the sections got too steep and slushy for hiking poles so I stopped to put on my crampons for safe travel. While I had looked at my
planned route many times in advance, I was a bit surprised by how arduous the hike to the base of Mount Johnson was becoming. Seems
skipping breakfast wasn't such a good idea after all.

slush.jpg


As I reached the cirque below Mount Johnson, I refilled my water bottle and took my first and only ten minute break and had a little
snack. The views were great and all was well, but I was silently begging for a little shade to cool things down a bit. What happened to
that 20 percent chance for rain in the forecast? You might say it was becoming Type II fun.

Type 2 Fun A.jpg


My original plan to get on the north ridge of Johnson was the well advertised use of Treasure Col to get on the low end of the ridge and
ascend to the summit. As I gnawed on my snack I observed that Treasure Col (and everything else around the cirque) was melted out on top
and I really didn't feel much like scrambling around in the mess above the snowline. And while I had a map in hand, the conditions made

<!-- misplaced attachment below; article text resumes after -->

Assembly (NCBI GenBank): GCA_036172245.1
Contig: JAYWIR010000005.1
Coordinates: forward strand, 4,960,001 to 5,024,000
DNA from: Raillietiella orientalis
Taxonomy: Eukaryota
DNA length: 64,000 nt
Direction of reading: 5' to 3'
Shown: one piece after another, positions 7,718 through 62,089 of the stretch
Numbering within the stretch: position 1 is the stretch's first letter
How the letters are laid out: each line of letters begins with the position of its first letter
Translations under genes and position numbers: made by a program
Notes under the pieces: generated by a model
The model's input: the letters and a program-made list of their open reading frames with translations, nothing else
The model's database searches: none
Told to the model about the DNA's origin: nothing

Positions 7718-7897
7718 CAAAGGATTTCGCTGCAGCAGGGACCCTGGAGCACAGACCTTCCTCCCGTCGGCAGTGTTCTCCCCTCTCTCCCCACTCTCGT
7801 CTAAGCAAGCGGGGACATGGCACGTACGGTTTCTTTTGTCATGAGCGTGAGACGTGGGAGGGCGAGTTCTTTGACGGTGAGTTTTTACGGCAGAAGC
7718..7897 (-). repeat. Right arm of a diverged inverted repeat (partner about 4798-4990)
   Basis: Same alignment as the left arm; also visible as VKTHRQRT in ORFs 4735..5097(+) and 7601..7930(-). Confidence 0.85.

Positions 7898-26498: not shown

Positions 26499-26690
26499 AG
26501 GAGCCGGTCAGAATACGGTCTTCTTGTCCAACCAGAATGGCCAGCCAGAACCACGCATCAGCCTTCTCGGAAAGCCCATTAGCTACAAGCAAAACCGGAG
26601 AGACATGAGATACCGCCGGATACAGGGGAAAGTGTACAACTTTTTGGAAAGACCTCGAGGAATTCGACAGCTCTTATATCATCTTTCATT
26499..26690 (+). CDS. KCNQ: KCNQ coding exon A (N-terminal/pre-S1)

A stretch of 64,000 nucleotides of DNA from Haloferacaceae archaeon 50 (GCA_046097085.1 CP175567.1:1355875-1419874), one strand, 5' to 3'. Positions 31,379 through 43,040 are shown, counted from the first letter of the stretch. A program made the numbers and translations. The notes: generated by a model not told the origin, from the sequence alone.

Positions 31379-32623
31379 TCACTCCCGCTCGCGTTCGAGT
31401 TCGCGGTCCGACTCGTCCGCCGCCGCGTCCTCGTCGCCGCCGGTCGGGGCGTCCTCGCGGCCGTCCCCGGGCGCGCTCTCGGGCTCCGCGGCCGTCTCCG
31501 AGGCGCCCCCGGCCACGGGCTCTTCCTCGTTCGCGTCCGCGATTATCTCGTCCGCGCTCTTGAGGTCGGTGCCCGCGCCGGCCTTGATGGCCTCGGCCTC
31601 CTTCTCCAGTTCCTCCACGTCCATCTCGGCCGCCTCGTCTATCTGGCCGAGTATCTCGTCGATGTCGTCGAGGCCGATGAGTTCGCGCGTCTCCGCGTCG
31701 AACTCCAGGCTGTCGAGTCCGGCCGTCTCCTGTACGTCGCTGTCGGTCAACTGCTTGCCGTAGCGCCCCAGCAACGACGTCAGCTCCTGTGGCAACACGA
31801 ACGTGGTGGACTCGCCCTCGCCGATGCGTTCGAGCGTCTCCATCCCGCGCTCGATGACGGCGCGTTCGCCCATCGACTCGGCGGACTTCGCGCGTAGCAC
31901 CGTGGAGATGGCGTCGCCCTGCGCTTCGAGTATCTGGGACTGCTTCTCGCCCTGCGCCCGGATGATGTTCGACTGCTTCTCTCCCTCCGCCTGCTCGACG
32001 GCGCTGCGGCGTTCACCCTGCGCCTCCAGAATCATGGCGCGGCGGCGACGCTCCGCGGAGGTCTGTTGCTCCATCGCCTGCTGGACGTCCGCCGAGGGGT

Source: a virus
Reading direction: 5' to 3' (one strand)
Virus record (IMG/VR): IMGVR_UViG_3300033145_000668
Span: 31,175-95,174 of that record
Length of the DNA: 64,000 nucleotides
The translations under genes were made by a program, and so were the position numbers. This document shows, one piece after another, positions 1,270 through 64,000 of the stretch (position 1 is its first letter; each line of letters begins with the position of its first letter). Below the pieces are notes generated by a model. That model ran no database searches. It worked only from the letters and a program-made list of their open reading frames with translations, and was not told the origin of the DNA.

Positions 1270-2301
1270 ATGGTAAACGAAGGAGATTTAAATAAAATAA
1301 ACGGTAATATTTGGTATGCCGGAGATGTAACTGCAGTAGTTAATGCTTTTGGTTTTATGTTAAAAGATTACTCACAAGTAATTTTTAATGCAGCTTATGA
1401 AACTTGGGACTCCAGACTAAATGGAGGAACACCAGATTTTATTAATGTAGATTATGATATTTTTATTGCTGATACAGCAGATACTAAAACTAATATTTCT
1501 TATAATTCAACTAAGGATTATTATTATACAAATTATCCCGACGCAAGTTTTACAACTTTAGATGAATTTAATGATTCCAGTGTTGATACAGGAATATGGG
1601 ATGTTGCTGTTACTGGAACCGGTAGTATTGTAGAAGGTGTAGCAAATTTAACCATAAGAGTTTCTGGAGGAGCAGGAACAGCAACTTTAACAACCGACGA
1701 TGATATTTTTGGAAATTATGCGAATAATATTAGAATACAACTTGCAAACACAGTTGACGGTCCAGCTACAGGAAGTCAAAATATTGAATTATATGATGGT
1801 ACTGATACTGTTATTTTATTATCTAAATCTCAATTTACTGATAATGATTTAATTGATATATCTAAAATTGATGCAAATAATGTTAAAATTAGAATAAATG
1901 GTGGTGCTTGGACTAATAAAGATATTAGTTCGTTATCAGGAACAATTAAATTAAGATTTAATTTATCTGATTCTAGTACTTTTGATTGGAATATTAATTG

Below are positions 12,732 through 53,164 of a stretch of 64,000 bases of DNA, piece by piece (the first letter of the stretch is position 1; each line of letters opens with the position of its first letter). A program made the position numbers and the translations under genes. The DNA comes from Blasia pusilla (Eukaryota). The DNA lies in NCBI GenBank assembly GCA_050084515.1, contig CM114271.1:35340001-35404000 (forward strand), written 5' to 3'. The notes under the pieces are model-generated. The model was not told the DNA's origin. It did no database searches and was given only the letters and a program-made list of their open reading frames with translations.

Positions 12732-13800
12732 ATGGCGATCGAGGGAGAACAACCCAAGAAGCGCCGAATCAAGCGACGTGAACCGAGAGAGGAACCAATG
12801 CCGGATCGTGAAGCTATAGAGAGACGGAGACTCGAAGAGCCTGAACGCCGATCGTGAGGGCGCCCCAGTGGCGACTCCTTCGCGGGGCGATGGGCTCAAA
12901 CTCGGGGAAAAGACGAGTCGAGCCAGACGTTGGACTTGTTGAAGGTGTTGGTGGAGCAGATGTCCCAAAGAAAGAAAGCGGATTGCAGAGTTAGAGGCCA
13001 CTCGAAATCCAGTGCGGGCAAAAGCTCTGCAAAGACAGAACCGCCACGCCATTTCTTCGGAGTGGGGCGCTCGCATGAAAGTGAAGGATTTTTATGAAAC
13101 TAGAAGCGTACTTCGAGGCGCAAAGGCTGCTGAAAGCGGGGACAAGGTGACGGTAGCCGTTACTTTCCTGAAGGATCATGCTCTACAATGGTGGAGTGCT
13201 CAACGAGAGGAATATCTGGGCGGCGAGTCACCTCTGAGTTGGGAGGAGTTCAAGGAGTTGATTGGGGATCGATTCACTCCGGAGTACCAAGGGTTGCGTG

it difficult to pin point which part of the rubble was Treasure Col. Sigh.

Treasure Col.jpg


Plan B, and not shown in any other trip report I've seen, was to ascend the much longer and steeper col that tops out very near the
summit of Johnson. How convenient is that I thought, no problem there. The chute looked snow filled right to the top. So that's it, time
to get in the unnamed col and head straight up. I took a couple of gulps of water and started up. I had not been looking at the time, but
I think it was about noon. Almost immediately I noticed the slushy snow was turning into one big slurpee. Still, while kicking steps I
could hold my purchase in the snow okay using some discipling with each step.

Snow Chute.jpg


In the classic "false summit" perspective, I could look up the col and perceive I am nearing the top only to find I'm just peering over
the next rise which was a bit steeper than the section below me. The higher I got, the sloppier it became, in an unsafe sort of way. My
energy was depleted with the one step up, two steps sliding down conditions. Checking my altimeter, I was a little above 12,500' above
sea level - about three hundred feet short of the summit.

I stopped for a short bit to evaluate my options and the conditions. I am making a six hundred mile round trip drive for a day hike to a
relatively easy summit. Here I am three hundred feet away from the summit in the vertical slurpee, zapped of energy (and the nausea that
goes along with over exertion) with one gnarly self arrest I didn't want to repeat. I know it's an ego thing, wanting to summit when
"it's right there". And it's with that I found my answer. I'd rather be telling of a great day in the mountains even if I missed the